At Farmers Savings Bank & Trust, we believe that education is the most valuable tool in preventing internet fraud. By making our customers aware of potential threats, the likelihood of damage will be lessened. Below you will find important information regarding internet fraud situations. Please read about these situations carefully so that you may protect yourself.
Phishing and Email Scams
What is phishing? Phishing is the use of fraudulent e-mails that have been forged to look like legitimate e-mails from a particular organization. These e-mails often try to extract personal information by asking you to reply directly to the e-mail, or by including a link to a site that tries to get you to disclose personal information. The email and website addresses given may appear almost identical to those of legitimate institutions. In attempt to trick you into supplying sensitive personal data, they will claim that there is a problem with an account and will provide a link to a site that may look authentic. You will be asked to input information such as bank account numbers, PINS and your Social Security Number. This fraudulent practice is often called “phishing" or “spoofing.” If you receive an email that appears to be from Farmers Savings Bank & Trust requesting sensitive personal information, please contact us immediately.
Farmers Savings Bank & Trust will never send you an e-mail asking for your passwords, card numbers, or other sensitive information.
We ask that before you conduct business or give information via the internet, you stop to ask yourself these questions:
1. Am I confident in the identity of the individual with whom I am corresponding?
2. Is the information being requested for a legitimate reason?
If you feel uncomfortable after asking yourself these questions, then we urge you to stop and ask more questions before continuing with the transaction or the correspondence. Keep in mind that if something seems too good to be true, then it probably is!
Up to 500,000 individuals are victims each year of identity theft, a fast-growing form of fraud. Fortunately, a few simple steps can help ensure you stay out of these statistics.
“Identity theft” or “account takeover fraud” involves criminals stealing a person’s personal information. The crooks assume a person’s identity, apply for credit in his or her name, run up huge bills, stiff creditors and generally wreck the victim’s credit record.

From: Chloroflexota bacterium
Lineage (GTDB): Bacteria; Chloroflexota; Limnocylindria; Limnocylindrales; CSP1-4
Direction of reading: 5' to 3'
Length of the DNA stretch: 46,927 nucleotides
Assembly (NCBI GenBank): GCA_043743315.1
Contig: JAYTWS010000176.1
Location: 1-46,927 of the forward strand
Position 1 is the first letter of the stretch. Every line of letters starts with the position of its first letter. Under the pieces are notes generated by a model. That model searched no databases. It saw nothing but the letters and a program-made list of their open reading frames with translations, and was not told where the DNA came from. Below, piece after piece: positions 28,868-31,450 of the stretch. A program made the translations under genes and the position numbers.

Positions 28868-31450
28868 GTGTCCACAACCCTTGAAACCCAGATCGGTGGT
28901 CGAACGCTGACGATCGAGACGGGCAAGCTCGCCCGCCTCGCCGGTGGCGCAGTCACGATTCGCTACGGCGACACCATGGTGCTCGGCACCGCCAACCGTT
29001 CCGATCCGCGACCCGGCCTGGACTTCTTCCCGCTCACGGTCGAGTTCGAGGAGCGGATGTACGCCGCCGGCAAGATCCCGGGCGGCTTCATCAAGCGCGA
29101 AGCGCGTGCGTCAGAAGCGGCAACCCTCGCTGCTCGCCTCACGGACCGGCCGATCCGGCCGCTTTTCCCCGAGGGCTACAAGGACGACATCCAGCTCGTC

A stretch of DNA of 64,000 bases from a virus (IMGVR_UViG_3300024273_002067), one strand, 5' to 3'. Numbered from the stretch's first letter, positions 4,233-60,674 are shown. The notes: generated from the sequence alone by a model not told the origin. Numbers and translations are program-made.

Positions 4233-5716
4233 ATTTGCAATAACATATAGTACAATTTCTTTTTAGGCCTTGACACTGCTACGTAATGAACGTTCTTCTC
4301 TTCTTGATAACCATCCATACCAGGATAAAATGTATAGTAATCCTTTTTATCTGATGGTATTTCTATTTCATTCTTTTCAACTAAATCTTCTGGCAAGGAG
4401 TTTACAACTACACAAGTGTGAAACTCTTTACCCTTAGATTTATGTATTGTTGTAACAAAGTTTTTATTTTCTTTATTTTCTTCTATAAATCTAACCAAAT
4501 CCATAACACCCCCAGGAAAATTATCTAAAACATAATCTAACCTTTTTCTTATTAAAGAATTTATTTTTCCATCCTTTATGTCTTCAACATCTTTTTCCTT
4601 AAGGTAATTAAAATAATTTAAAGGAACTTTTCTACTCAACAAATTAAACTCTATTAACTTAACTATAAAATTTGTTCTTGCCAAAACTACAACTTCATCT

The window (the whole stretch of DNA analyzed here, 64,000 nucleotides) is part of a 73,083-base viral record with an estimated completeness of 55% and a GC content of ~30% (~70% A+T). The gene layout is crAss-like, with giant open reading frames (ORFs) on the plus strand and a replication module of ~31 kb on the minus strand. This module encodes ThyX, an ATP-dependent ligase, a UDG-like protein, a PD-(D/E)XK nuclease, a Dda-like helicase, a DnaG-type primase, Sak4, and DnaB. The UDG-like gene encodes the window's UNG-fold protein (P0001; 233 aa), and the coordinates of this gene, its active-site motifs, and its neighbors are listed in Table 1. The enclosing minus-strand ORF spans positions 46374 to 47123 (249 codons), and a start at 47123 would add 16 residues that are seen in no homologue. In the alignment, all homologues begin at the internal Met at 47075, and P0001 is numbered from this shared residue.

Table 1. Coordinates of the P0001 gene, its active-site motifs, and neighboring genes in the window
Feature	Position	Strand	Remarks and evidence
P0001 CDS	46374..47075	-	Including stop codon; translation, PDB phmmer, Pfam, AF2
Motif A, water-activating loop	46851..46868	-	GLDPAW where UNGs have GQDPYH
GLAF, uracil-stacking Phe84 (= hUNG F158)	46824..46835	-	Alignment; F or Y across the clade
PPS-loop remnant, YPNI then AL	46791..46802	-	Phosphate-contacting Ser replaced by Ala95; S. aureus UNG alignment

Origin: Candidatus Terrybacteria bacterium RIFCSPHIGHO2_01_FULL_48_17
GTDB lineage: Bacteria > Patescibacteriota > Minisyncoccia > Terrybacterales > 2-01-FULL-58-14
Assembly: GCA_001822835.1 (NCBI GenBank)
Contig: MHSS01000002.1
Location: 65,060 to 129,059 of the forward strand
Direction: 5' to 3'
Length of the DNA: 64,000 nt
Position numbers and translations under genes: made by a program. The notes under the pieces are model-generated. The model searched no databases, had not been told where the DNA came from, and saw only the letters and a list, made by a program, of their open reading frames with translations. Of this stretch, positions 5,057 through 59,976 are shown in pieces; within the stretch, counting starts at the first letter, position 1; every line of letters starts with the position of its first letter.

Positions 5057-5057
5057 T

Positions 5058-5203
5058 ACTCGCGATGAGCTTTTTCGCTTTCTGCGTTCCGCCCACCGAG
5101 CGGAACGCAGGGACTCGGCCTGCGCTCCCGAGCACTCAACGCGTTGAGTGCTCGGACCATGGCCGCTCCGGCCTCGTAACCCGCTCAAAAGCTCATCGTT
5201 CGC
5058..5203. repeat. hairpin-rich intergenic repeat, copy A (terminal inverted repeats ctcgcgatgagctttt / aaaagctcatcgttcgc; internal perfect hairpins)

You can take these steps to avoid becoming a victim:
Don’t give your Social Security or account numbers to anyone over the phone unless you initiated the call.
Don’t give out personal information over the Internet, unless you entered the Web address and are using a secure browser.
Tear up receipts, old bank statements and unused credit card offers before throwing them away. Crooks could steal information from your trash and use it to get credit in your name.
Review your bank and credit card statements as soon as you receive them to check for unauthorized transactions.
Protect your PINs and computer passwords; use a combination of letters and numbers and change them often. Never carry this information with you, do not store this information on your computer and never share this information with anyone!
Order copies of your credit report once a year to ensure accuracy. Call any of the three national credit reporting agencies: Trans Union (800) 888-4213, Equifax (800) 685-1111 and Experian (888) 397-3742.
Report any suspected fraud to your bank and credit card issuers immediately so they can start to close accounts and clear your name right away.
Restoring your identity can be a tremendous inconvenience. It’s worth your while to exercise a little preventative maintenance. Protect yourself against this terrible crime.
If you are a victim of identity theft:
1. Immediately contact us at 319-478-2148 for the Traer location or 319-472-2373 for Vinton if you suspect identity theft or fraud involving any of your Farmers Savings Bank & Trust accounts.
2. Contact the Federal Trade Commission (FTC) toll-free at 1-877-IDTHEFT (439-4338), or go to their Web site www.consumer.gov/idtheft and fill out a complaint form, or write to them at:
Identity Theft Clearinghouse
Federal Trade Commission
600 Pennsylvania Avenue, NW
Washington, DC 20580
The FTC web site offers comprehensive information about identity theft. Topics include: Understanding ID Theft, Protecting Against ID Theft, Filing a Complaint with the FTC, Identity Theft Laws, Recovering from Identity Theft.
Counterfeit Official Check Scam
This scam involves the sale of merchandise over the internet. The purchaser sends an official check to the seller for an amount over the selling price. The purchaser then asks the seller to wire the excess funds for shipping costs. After the funds have been wired, the official check comes back “counterfeit”.
The seller then loses the amount of money wired out. In most cases the money cannot be recovered because it is difficult, if not impossible, to track down the originator of these official checks, as these individuals are usually from overseas.